If a person suffers for making unconventional choices, is it the fault of the suffering person for making those choices or the fault of the society that condemns the person for making them? Or is it the fault of the ones who put the unconventional ideas in the person’s head? Adeline Mowbray, the title character in Amelia Alderson Opie’s 1804 novel, has made the unconventional choice to eschew marriage, calling it “an institution at once absurd, unjust, and immoral” and declaring “that she would never submit to so contemptible a form, or profane the sacred ties of love by so odious and unnecessary a ceremony.”
Adeline came to these opinions by following her mother’s example in reading extensively the works of radical thinkers like Frederic Glenmurray (a character modeled on William Godwin). So when Adeline makes her declaration in the presence of her mother and Glenmurray himself, their reaction is somewhat surprising:
Mrs. Mowbray, though she could not help admiring the eloquence of her daughter,—eloquence which she attributed to her example,—was shocked at hearing Adeline declare that her practice should be consonant to her theory; while Glenmurray, though Adeline had only expressed his sentiments, and his reason approved what she had uttered, felt his delicacy and his feelings wounded by so open and decided an avowal of her opinions, and intended consequence of them.
Despite being conversant in all the latest thinking, Adeline has learned little about the way the world works. Her mother, having spent more time thinking about how best to educate Adeline than in actually educating her, has failed to provide any sort of practical education. And Glenmurray fears what choosing to follow his recommended course of action will mean for an innocent like Adeline; his fear increases when he sees so-called gentlemen like Sir Patrick O’Carrol look upon Adeline as an object of lust for whom purity and commitment are meaningless.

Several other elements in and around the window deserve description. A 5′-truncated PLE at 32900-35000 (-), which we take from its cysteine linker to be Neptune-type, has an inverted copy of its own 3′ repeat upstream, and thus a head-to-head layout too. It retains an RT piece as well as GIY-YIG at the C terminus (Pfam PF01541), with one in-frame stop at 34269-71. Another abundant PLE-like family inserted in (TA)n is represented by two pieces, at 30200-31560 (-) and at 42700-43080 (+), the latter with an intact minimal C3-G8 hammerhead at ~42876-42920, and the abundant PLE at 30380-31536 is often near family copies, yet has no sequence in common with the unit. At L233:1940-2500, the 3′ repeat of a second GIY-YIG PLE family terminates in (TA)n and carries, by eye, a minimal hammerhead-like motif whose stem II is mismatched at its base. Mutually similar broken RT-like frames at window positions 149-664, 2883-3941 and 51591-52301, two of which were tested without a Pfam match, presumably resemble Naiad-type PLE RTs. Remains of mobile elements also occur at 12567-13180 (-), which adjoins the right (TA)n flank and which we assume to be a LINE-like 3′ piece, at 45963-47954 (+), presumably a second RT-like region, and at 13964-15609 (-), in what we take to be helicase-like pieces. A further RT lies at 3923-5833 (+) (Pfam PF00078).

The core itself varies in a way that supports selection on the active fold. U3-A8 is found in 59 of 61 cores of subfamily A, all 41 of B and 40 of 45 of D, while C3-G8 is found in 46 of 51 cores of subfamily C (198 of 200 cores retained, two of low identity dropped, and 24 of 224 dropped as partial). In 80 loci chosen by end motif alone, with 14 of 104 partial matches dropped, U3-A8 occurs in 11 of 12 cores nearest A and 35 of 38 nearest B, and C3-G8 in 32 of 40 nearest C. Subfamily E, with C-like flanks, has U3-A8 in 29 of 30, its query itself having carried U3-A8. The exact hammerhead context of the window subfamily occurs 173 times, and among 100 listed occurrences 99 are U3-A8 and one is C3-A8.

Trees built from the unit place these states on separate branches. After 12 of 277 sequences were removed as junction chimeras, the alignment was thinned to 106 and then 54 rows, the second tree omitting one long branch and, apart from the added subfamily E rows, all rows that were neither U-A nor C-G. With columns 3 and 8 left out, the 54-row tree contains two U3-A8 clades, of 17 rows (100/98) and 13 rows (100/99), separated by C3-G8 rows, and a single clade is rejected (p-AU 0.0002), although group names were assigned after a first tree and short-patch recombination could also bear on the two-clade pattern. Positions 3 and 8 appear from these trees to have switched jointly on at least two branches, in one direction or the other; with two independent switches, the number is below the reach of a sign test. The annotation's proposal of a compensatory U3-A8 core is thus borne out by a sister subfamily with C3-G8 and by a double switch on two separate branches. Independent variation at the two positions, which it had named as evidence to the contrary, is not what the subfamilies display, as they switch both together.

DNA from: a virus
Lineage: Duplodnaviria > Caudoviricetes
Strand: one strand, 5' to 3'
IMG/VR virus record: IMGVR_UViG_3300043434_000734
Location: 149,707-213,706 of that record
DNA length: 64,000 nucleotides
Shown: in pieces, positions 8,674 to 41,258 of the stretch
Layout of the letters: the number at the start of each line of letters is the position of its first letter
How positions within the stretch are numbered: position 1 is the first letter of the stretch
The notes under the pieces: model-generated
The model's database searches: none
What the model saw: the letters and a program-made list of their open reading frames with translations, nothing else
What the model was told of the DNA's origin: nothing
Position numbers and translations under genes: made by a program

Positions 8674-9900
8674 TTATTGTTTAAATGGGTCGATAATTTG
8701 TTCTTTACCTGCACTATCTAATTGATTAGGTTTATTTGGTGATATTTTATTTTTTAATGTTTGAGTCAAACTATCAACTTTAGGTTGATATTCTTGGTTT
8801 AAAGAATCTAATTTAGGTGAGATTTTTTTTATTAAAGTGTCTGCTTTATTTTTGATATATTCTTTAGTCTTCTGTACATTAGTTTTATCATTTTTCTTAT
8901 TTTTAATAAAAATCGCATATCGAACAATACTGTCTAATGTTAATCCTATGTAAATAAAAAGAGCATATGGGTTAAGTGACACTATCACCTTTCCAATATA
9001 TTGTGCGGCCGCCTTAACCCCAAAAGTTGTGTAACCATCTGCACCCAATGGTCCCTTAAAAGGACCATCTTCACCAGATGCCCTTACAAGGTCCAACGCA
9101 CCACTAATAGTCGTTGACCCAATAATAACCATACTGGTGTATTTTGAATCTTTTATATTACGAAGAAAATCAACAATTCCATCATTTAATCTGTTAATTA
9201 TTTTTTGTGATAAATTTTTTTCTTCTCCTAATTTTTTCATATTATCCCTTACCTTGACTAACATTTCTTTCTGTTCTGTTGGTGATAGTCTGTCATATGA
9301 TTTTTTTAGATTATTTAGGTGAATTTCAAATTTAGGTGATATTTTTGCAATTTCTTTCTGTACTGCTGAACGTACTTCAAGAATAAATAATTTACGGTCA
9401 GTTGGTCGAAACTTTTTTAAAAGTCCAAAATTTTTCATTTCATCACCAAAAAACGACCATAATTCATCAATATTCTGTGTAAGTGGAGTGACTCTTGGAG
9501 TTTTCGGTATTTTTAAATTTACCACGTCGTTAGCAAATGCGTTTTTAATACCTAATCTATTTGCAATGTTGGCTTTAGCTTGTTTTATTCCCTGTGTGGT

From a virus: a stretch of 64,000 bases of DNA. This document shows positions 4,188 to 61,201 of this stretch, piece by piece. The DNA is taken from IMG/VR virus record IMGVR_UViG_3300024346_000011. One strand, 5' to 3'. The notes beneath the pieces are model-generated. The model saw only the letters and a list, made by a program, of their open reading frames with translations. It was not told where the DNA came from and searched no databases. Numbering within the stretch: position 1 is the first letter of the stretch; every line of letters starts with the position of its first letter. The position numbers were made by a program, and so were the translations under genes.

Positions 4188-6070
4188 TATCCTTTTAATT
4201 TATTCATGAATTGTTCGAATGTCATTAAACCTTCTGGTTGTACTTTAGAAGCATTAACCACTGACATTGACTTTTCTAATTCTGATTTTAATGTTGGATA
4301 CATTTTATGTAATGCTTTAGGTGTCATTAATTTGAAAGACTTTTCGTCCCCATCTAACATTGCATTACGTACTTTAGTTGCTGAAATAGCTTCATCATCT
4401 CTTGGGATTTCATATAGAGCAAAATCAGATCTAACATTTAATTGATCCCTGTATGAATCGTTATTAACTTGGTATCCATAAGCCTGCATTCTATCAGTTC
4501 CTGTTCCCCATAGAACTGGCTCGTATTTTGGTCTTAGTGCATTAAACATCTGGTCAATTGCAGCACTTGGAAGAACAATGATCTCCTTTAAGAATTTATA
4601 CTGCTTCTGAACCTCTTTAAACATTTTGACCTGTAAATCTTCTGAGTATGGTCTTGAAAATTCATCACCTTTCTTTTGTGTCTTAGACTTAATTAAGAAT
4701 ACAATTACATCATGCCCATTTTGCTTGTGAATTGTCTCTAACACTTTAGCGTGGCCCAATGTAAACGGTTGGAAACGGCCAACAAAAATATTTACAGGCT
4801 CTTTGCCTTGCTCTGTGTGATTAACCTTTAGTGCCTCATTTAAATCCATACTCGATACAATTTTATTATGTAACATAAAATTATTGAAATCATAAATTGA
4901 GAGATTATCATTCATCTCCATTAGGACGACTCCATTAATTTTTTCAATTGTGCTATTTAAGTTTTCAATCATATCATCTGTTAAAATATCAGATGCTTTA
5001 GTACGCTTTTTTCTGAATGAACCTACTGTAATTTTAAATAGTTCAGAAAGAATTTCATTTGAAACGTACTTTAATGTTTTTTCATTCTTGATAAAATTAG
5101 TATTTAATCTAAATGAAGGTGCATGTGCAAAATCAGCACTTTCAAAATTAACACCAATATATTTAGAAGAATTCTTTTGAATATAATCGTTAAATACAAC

Despite the reservations of her mother and of Glenmurray himself, Adeline stays true to her convictions and soon begins what she calls a “life of honour” with Glenmurray. Her mother casts her off, and Adeline and Glenmurray are alone in the world. Potential friends abandon them, one after the other, as soon as they realize that the couple are not married. Glenmurray urges Adeline to marry him so that she can regain some respectability, but she refuses, and when he is on his deathbed, Glenmurray fears for what will happen to Adeline when he is gone. It probably won’t surprise you to know that Adeline faces many more misfortunes at the hands of men and women alike.
The introduction to the edition of Adeline Mowbray that I read, part of a double volume that also includes the Memoirs of Emma Courtney, states that Adeline Mowbray has commonly been viewed as a critique of the philosophies of William Godwin and Mary Wollstonecraft. Adeline’s doom, after all, comes from following such teachings. However, I tend to agree with volume editor Mirriam L. Wallace that the novel takes a more ambiguous view of both marriage and the choice to avoid it.
Adeline’s problems are not rooted in her rejection of marriage but in people’s reaction to her rejection. If her mother had not cast her off, she would have an inheritance to count on. If potential friends did not spurn her, she would have people to turn to in times of crisis. If lustful men did not feel justified in pursuing her despite her protestations of disinterest, she would not feel a need to escape. The problem is not with what she’s done, it’s with how others respond.
What’s more, the novel does not present an entirely positive view of marriage. Adeline’s life of honour with Glenmurray is not perfect, but it’s far better than many of the marriages we see in the novel. Bigamy, chronic unfaithfulness, selfishness, jealousy, and chauvinism plague the marriages that appear in the novel.
Eventually, Adeline comes to regret her choices, but it’s not clear whether she regrets the choices themselves or the results of those choices. She’s so beaten down by life that it’s no wonder she would see the benefits of a different course and wish for a more conventional (and thus easier) path for her daughter. If Adeline Mowbray is a cautionary tale, is it cautioning against the rejection of marriage or simply against swimming against the tides?